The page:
One early winter morning, a bright-eyed first year graduate student bounced out the door in a fire-orange wool jacket, ready for the day ahead. Only this was not any normal morning, it was the morning of her first Midwestern winter and the graduate student was ill-prepared in her beautiful orange coat. While her faithful coat protected her from the milder winters of the East coast, it was no match for the winds that tore down the streets.
The graduate student was no longer bright-eyed, instead she was chilled to the core, red-nosed and buried under layers of sweaters and scarves. Week after week the winter winds grew stronger, the temperatures plummeted and the graduate student realized that her orange coat would not be enough.
Armed with her trusty credit card, the graduate student ventured out to find the coat to face all winters. One that would stand up strong to blustering winds and laugh off snow as it came pelting down. Searching store after store, the graduate student tried on coat after coat. Short ones, long ones, puffy ones and sleek ones. None seemed up to the task of providing her the protection she needed.
As all hope was dwindling away, the graduate student found it, the perfect coat. More down-filled comforter than jacket, just the right length and the perfect mocha color. This coat would allow the graduate student to not only handle the Midwestern winter, but conquer it.
The blanket jacket protected the graduate student as she waited for her early morning bus and it kept her warm in the evening hours or her return trip home. The years passed and the jacket provided just the right amount of warmth when the graduate student moved to the milder winters of the Colorado Rockies and it hugged her tight on her long walks home from the lab when she moved back to her beloved East coast.
As the years passed, the blanket jacket became thinner and thinner, yielding its downy filling to the hands of time. As the graduate student prepared to make her way out into the real world, she realized that it was time to say goodbye to her longtime companion. The corporate world is no place for a blanket jacket. Packing it up with loving care, she sent it off to the hands of the Salvation Army, hoping that someone would love it just as much as she had.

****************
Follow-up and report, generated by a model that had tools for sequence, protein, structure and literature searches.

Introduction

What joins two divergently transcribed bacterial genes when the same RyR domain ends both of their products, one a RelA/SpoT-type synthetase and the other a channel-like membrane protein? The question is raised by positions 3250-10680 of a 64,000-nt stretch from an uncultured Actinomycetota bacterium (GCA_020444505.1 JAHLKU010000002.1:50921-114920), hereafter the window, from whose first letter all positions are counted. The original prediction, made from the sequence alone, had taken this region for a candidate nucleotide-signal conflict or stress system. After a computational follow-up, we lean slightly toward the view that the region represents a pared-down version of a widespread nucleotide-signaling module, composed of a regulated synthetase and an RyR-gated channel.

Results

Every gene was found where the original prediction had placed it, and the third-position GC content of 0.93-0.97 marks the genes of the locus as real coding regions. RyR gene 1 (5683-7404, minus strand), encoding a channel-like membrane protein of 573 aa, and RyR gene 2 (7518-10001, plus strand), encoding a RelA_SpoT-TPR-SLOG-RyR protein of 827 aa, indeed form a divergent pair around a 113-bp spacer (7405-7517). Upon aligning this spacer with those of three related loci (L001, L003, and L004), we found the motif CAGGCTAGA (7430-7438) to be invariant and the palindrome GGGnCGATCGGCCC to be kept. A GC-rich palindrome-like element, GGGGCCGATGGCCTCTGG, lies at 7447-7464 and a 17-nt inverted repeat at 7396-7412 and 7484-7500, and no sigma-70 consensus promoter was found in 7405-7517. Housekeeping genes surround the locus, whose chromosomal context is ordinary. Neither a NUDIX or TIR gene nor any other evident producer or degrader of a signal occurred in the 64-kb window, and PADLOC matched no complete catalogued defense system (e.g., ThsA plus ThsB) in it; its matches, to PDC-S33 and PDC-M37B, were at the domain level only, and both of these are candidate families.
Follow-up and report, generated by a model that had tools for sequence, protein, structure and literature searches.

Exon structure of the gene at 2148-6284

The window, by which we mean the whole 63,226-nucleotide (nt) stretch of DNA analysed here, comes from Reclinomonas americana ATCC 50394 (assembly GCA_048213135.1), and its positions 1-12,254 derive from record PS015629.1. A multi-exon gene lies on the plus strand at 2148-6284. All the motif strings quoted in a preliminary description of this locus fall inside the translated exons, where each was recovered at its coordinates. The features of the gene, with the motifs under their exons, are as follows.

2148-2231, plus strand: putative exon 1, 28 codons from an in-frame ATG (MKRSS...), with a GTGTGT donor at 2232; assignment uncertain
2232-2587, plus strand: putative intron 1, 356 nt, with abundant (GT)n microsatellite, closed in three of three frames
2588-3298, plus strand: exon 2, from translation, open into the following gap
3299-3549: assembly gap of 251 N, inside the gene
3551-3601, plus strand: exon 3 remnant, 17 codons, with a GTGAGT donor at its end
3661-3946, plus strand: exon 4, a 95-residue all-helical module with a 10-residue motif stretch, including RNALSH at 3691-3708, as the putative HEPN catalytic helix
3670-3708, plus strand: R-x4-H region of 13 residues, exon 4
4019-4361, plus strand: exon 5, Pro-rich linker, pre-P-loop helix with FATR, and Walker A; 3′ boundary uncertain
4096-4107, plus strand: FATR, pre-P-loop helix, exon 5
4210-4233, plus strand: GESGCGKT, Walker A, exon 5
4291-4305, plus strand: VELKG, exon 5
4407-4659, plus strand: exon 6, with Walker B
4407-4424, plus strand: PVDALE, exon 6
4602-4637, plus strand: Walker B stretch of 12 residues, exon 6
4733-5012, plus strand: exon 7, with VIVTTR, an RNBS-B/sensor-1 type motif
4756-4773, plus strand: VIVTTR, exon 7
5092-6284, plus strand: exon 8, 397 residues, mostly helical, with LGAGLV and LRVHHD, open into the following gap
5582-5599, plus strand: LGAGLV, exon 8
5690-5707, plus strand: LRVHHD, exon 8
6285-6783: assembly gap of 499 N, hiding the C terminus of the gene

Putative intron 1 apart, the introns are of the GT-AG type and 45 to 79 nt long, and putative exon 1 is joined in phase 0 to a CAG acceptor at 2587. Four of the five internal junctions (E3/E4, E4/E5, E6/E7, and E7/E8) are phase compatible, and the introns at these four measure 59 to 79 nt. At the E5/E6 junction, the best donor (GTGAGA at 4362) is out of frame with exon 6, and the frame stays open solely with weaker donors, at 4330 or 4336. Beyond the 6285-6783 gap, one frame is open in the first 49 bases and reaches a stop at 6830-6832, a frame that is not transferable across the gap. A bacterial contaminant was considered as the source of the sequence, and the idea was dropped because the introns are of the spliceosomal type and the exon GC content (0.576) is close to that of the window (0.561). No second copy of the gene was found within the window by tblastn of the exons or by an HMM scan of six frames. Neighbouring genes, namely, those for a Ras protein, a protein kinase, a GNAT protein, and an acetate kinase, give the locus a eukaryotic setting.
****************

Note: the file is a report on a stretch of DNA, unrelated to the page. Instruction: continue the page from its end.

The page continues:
Now don't worry, the story doesn't have a sad ending. While wandering her new hometown, the former graduate student found a new coat. A beautiful, plum-colored, wool coat, perfect for her new life in the real world.
Adapted from Cooking Light Magazine
While this recipe was from Cooking Light, I'm pretty sure it's anything but light! If you want to have a nice 180 calorie dessert, cut the finished brownie slab into 20 pieces. Personally, I cut it up into 9-bars and ate it with lots of ice cream! Hello calories, delicious!
3/4 cup all-purpose flour
1 cup sugar
3/4 cup Dutch process cocoa powder
1/2 cup brown sugar
1/2 tsp baking powder
6 tbsp butter, melted
2 large eggs
1 tsp vanilla extract
1/4 cup butter
1/4 cup brown sugar
3 1/2 tbsp evaporated fat-free milk
1/4 tsp vanilla extract
1/2 cup powdered sugar
1 ounce bittersweet chocolate, chopped
Preheat the oven to 350 and grease an 8x8-inch pan.
In a large bowl, combine flour, sugar, cocoa powder, brown sugar and baking powder. Combine butter, eggs and vanilla. Add the liquid ingredients to the wet and stir to combine. Pour into prepared pan and bake for 20-23 minutes. (test for doneness by inserting a toothpick into the center, only crumbs should come out on the toothpick when the brownie is done)
Allow brownies to cool in the pan on a wire rack while you prepare the topping.
Melt butter in a small saucepan over medium heat. Add brown sugar and 1 1/2 tbsp evaporated milk. Cook for 2 minutes, stirring constantly. Remove from the heat and add vanilla and powdered sugar, whisk until smooth. Pour evenly over the top of the brownies and allow to set about 20 minutes.
In a small microwaveable bowl, combine bittersweet chocolate and 2 tbsp evaporated milk. Drizzle over the caramel and cut into squares. Delicious with vanilla ice cream!